Mark of the Unicorn have taken a brand‑new look at sequencing for their latest package, FreeStyle, which is aimed at entry‑level users as well as musicians who would rather avoid most of the complexities of MIDI. Mike Collins checks it out.
The latest MIDI sequencing software from Mark of the Unicorn, FreeStyle, offers a fairly radical departure from the established norms we've come to expect in this field. The program uses a so‑called 'trackless' approach to sequencing, one of the main advantages of which is that you can use both linear and pattern‑based recording and playback, and seamlessly switch between them. So, for example, a bass part made up of several different sections joined together in an arrangement will be visible in its entirety on the screen, and more importantly, on a notation printout.
Since MOTU's new sequencer is so different from the company's other high‑profile sequencing program, Performer, product specialist Simon Stock, from MOTU's European distributors Klemm Technology, came over to my house before I started the review, in order to take me through the main features of the program. Here's the gist of what he told me.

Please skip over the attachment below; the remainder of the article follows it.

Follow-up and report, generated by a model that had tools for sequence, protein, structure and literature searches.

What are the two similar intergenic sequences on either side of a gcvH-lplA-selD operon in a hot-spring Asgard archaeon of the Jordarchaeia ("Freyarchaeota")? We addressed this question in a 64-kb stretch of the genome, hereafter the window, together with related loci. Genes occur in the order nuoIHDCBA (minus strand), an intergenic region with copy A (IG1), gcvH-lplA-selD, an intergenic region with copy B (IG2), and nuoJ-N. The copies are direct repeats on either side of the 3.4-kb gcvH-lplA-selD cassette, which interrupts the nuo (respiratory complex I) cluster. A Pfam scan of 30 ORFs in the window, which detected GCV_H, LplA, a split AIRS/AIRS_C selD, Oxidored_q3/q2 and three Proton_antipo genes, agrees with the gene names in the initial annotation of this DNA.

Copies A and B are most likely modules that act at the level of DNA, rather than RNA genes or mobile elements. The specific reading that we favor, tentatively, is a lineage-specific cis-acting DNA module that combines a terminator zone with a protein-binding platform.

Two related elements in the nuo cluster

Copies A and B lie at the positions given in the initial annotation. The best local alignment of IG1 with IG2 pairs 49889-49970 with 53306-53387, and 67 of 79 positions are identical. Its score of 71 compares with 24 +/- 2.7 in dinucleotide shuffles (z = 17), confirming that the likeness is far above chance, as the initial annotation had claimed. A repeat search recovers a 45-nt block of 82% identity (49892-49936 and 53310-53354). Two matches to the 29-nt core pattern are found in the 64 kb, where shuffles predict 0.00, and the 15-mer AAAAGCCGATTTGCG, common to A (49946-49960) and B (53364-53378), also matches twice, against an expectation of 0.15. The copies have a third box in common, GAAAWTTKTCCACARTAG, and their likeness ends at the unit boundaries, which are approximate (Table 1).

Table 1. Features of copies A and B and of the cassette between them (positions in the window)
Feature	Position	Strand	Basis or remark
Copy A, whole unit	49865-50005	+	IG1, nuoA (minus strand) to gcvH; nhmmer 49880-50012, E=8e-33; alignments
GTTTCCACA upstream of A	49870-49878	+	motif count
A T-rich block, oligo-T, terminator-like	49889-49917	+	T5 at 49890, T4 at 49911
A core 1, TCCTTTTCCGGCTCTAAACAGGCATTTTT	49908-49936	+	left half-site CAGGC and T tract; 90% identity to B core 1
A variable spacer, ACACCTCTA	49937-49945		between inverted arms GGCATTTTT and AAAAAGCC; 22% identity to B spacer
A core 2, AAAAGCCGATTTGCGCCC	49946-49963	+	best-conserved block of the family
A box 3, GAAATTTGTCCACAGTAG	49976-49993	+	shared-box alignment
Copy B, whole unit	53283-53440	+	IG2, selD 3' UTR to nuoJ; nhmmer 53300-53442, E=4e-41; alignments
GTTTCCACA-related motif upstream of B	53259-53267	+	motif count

FreeStyle uses Mark of the Unicorn's FreeMIDI system as its basis for controlling your MIDI equipment. Most of the time you will not be aware that you are using it, as FreeMIDI deals with where to route MIDI data in your setup. When the program is first run, it scans your Mac's serial ports for MIDI interfaces; if it finds a standard MIDI interface it will take you into the 'Easy Setup' window; if it finds something like a MIDI Time Piece or Studio 4, it presumes you have a more complex system, and so takes you into 'FreeMIDI Setup'.
With FreeStyle you don't even need to worry about MIDI channels — the program dynamically allocates them, much as modern synths dynamically allocate polyphony. This is because FreeStyle employs a 'Player Library' — a list of instruments that you use in your music, together with preferences for them, such as which sound to use on which synth, and what clefs and staves the chosen instruments should have in the notation window. So if you select 'Piano' in FreeStyle, a patch change is generated on the first available (unused) channel for the synth it is going to trigger; FreeMIDI deals with where to send that message, as it knows what port and cable each synth is connected to.